Many techniques are used to reduce Internet traffic jams. But one of most popular ones sometimes runs into a bottleneck, which Google and other Internet companies are announcing plans to tackle.
Where communication carriers can expand the Net's underlying capacity--think of adding more lanes to a freeway--another approach is to reduce the number of long-distance trips data has to travel. So companies called CDNs, for content delivery networks, have long operated data centers near major cities to store duplicate copies of videos and other files that customers call up frequently.
The other key piece of plumbing to keep in mind is the Domain Name System, which is often described as the phone book of the Internet. Companies operate what are called DNS servers, translating user requests to call up dot.com sites into specific sets of numbers--known as Internet protocol numbers--that computers use to recognize each other.
Most DNS servers that carry out this translation are operated by big Internet service providers. But some other companies, including Google and startups such as San Francisco-based OpenDNS, maintain alternative DNS services.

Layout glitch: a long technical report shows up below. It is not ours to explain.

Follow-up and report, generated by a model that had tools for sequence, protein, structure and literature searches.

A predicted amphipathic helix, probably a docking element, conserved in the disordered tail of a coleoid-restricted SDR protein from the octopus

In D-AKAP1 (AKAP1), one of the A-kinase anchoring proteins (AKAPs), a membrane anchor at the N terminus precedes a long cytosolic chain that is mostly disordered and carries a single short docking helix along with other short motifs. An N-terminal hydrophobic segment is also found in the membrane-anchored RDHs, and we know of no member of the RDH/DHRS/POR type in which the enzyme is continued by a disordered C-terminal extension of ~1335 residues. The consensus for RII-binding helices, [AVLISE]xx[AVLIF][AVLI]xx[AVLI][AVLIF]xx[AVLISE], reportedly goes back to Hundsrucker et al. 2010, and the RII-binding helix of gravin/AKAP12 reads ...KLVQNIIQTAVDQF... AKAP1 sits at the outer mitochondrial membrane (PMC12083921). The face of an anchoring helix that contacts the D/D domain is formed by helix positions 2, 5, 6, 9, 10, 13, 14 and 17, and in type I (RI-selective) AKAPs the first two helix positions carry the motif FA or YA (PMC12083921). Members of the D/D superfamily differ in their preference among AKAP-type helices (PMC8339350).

The trouble stems from the fact that the various servers involved make choices about how to deliver content based on the the location of DNS servers that serve a particular user, not the user's own IP address. And sometimes the users and DNS servers happen to be pretty far apart, slowing the delivery of content, says David Ulevitch, chief executive of OpenDNS.
"The Internet is looking at some level of exponential growth, but capacity is not growing exponentially," he says. The only way to decrease the time it takes to call up content "is to bring content closer to users."
So his company and others on Tuesday announced what they call the Global Internet Speedup initiative, which is based on adding a shortened version of a user's IP address into a request for a Web page. With that extra information, Ulevitch says, better choices can be made about which servers to use to serve up content based on a user's actual location, speeding up the process. Google and Neustar/UltraDNS discussed the underlying technology in January 2010.
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